Tube bosses have waged a campaign of “party political propaganda” with taxpayers’ cash to back Tory Mayor Boris Johnson’s 1,000-job cull, London Underground workers alleged yesterday.
Publicly funded Transport for London (TfL) placed full-page adverts in newspapers including London’s Evening Standard — given out free on the Tube — and put posters up around the Underground network ahead of the RMT strike.
Passengers have also been sent emails promoting about “modernisation” that direct them to a slick website that includes warnings about “the future of the Tube.”
And TfL managing director Mike Brown has even penned a letter explaining “why the strike threat is wrong.”
He wrote in an official capacity: “There is no reason for the RMT to continue to threaten Londoners with five days of strike action.”
But rail workers said TfL had crossed the line between information about the strike and “party political propaganda.”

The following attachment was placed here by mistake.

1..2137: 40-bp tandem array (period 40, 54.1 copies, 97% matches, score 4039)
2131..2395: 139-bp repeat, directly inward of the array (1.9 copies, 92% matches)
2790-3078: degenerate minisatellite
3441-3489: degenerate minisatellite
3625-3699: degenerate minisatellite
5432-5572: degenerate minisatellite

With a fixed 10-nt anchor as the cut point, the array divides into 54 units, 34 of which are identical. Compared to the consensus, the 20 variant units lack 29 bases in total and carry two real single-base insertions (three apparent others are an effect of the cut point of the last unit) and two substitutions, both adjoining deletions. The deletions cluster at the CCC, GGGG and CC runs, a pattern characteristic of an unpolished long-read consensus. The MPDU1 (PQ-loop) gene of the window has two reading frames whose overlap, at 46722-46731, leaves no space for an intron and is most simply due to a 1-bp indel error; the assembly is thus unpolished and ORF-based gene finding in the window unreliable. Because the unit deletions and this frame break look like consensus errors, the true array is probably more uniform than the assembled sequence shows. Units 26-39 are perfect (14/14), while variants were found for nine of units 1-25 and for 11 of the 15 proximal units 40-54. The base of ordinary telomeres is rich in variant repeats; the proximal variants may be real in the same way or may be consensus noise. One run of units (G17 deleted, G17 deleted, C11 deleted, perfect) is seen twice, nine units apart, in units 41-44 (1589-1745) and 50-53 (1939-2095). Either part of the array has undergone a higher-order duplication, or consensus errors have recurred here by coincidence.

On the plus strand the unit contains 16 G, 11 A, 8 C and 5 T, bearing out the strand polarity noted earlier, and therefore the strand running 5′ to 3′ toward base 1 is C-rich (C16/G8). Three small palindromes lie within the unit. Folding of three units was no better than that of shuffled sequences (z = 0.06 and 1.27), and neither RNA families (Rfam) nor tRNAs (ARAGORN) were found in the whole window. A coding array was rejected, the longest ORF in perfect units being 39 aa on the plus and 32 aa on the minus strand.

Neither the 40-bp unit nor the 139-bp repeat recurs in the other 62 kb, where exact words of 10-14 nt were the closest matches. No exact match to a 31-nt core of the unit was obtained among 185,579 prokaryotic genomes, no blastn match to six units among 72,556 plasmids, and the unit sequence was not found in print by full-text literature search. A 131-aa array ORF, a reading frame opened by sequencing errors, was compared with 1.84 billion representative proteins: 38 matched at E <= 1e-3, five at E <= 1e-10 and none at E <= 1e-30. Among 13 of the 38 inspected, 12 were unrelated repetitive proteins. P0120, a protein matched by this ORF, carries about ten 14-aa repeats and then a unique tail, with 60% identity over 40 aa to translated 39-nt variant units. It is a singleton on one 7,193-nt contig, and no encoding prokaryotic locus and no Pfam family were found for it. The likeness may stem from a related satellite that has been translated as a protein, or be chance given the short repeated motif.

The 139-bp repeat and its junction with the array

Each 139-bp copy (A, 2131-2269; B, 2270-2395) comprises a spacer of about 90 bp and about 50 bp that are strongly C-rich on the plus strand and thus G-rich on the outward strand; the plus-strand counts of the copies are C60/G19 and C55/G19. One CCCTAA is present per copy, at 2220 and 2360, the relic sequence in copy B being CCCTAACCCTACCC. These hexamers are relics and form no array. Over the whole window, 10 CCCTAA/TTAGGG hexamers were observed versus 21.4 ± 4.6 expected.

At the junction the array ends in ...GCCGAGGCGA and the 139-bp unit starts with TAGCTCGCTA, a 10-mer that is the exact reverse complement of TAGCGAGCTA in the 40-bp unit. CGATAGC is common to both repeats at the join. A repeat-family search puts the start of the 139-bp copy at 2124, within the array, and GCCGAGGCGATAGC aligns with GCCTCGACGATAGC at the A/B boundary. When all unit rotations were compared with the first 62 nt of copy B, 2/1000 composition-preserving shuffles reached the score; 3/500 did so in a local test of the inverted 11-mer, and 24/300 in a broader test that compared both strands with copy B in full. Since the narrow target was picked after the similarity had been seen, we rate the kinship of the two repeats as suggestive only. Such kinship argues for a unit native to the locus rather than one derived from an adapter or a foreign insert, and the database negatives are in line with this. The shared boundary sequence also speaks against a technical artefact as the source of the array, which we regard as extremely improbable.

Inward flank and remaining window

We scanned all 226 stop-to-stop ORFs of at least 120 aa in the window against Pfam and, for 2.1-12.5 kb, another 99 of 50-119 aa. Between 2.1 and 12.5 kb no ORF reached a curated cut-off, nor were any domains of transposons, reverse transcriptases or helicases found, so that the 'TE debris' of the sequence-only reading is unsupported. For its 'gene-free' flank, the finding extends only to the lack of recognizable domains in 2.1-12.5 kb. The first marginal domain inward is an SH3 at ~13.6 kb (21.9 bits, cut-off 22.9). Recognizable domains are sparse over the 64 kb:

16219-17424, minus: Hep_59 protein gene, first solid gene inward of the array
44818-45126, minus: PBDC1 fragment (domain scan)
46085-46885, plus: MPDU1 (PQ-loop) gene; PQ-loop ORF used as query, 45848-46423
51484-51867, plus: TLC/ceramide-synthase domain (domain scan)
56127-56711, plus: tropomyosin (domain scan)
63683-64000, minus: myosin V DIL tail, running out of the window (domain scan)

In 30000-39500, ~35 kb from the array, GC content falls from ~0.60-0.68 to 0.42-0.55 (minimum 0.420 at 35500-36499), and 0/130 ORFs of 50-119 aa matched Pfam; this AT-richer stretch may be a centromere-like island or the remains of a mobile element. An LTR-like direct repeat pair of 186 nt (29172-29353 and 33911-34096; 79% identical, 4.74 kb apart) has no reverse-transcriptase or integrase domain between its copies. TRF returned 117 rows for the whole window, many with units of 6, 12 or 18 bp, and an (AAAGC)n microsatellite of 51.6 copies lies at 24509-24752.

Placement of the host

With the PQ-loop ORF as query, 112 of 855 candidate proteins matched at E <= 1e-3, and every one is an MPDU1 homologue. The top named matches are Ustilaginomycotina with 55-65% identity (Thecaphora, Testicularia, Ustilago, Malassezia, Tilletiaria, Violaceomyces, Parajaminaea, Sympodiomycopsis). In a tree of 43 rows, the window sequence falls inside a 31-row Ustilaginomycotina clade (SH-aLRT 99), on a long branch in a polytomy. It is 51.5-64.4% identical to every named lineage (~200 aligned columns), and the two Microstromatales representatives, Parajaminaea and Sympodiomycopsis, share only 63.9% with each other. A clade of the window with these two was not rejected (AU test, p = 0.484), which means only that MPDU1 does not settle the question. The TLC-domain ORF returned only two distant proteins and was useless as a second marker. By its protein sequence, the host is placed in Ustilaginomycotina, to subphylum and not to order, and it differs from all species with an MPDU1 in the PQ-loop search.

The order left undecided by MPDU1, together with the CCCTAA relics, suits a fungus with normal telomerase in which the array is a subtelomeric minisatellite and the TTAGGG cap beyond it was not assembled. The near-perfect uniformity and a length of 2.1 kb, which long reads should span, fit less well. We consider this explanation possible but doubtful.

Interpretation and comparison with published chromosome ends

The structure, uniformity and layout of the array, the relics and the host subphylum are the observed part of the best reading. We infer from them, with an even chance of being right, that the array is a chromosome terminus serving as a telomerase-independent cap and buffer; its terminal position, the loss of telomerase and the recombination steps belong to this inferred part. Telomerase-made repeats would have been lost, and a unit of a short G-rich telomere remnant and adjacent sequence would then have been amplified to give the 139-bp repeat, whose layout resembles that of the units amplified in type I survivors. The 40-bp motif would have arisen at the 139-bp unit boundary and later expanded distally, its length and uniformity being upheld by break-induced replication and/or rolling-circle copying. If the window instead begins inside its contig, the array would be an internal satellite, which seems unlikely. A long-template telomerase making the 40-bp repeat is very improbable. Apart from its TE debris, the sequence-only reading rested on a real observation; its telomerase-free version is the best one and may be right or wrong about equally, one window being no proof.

RMT acting general secretary Mick Cash said: “If they were adverts that said what services would not be running as a result of the strike that would be pure information.
“But to place adverts in the press that directly attack the trade unions, attack the workforce and promote and support the political objectives of the Tory Mayor of London — we believe that is party political propaganda funded by the taxpayer.”
Mr Cash called for a parliamentary inquiry into what he said amounted to an “abuse of public funds.”
Labour MPs tabled an urgent motion in the House of Commons about the “one-sided and misleading” adverts.
It expresses concern that “taxpayers’ and Tube fare-payers’ money is being used to fund propaganda adverts in newspapers attacking London Underground workers for taking strike action.
“It is deeply regrettable that public money is being used to attack Tube workers who have been hailed as heroes after Tube bombings and delivering a successful Olympics.”
Tabled by John McDonnell and Ian Lavery, early day motion 1299 has also so far been supported by Jeremy Corbyn, Kelvin Hopkins, Austin Mitchell, Grahame Morris, Virendra Sharma and Chris Williamson.
A TfL spokesman said that it had been talking to the unions about the cuts plans since November and claimed the messages were part of the body’s “obligation to explain our plans to the millions of people who rely on the service every day.”
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